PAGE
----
It’s a cold, foggy morning high in the Pyrenees, the well-known mountain chain in southwestern Europe that forms a formidable wall between France and Spain. The night brought rain, making the steep terrain treacherously slick. Heath Smith, lead trainer with CK9, struggles to keep up with his teammate Chester, a bouncing, blond, 10 year-old lab cross. Chester is sure-footed, bounding, lively in the cool temps and the damp air. Smith takes one step forward, slides two back, and his lungs are aching for more oxygen in the thin air. Each time he climbs higher, he sees Chester sitting, waiting patiently. Each time he arrives, Chester hops up and scampers effortlessly over another rise, always stopping to be certain his partner is with him. Smith watches him closely while catching his breath, fully trusting that his teammate, a highly experienced veteran CK9, knows exactly what he is doing.

When Chester finally slows down, allowing Smith to catch up, he whips around and sits next to a fresh, steaming scat. Not just any scat: Ursus arctos, grizzly bear, the same species found in North America. A 1995 reintroduction program brought the species to the area from Slovenia and today less than 20 are known to survive. Conservationists want to understand more about the remaining population and enlisted the help of CK9 team Smith and Chester. The small, but information-rich piece of data they just located will unlock important clues for scientists studying this tiny population.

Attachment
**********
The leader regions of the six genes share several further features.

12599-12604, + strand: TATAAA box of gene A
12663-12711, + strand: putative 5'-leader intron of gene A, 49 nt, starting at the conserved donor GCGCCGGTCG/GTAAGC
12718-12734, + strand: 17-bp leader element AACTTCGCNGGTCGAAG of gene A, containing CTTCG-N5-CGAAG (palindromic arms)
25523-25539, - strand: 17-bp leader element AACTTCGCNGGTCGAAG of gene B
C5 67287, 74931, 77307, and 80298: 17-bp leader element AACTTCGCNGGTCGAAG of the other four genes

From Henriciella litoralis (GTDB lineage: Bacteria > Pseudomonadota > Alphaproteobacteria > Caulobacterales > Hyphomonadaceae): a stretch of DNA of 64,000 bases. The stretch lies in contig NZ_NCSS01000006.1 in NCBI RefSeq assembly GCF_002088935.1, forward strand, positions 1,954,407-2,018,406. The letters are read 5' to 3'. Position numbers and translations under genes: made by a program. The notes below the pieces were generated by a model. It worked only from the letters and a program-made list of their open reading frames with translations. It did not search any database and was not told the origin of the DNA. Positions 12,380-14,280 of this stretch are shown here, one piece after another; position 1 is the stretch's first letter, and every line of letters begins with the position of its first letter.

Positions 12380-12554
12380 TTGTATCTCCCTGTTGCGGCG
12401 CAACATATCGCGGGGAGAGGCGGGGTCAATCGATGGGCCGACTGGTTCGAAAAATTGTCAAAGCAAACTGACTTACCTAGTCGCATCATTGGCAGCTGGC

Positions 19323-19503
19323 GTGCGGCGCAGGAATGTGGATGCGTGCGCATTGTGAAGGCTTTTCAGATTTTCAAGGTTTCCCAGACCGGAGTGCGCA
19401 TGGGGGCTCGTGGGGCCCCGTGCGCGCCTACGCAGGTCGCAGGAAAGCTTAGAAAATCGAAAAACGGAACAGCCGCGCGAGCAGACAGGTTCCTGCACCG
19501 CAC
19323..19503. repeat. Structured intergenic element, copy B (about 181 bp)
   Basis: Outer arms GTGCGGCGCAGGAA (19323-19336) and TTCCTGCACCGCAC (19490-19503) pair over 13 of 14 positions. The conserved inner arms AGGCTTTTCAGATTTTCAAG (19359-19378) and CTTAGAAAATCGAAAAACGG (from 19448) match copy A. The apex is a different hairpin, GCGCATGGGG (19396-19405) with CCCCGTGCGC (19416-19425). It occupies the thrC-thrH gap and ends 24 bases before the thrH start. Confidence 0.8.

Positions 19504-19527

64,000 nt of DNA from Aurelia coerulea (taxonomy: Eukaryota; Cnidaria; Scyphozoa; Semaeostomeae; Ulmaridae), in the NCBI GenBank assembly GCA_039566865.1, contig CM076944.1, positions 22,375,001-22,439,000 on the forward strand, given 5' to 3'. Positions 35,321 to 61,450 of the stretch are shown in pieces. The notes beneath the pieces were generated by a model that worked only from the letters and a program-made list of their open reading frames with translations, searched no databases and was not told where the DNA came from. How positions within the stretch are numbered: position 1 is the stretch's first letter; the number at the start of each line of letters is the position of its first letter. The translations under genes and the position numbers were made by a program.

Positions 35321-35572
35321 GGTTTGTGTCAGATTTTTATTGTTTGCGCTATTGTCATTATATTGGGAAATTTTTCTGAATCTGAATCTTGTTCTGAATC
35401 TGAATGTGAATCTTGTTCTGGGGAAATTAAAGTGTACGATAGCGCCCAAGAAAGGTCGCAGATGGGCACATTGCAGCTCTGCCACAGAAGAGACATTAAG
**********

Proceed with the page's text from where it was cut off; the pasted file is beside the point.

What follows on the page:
With Smith’s deep knowledge of the skills and experiences of his canine teammate, they were able to locate a fresh grizzly bear scat in densely vegetated, steep terrain that extends 270 miles, from the Bay of Biscay to the Mediterranean Sea, and 11,168 ft high. Finding the proverbial needle in a haystack with such keen expertise is only possible through meticulous cultivation of trust and communication between dog and handler.

We work hard to foster this relationship among all teams. We encourage our dogs to think independently, to freely communicate with us and, as handlers, it is our job to understand what they are telling us. This way, we become a strong team, working together to solve some of the most pressing ecological problems around the globe.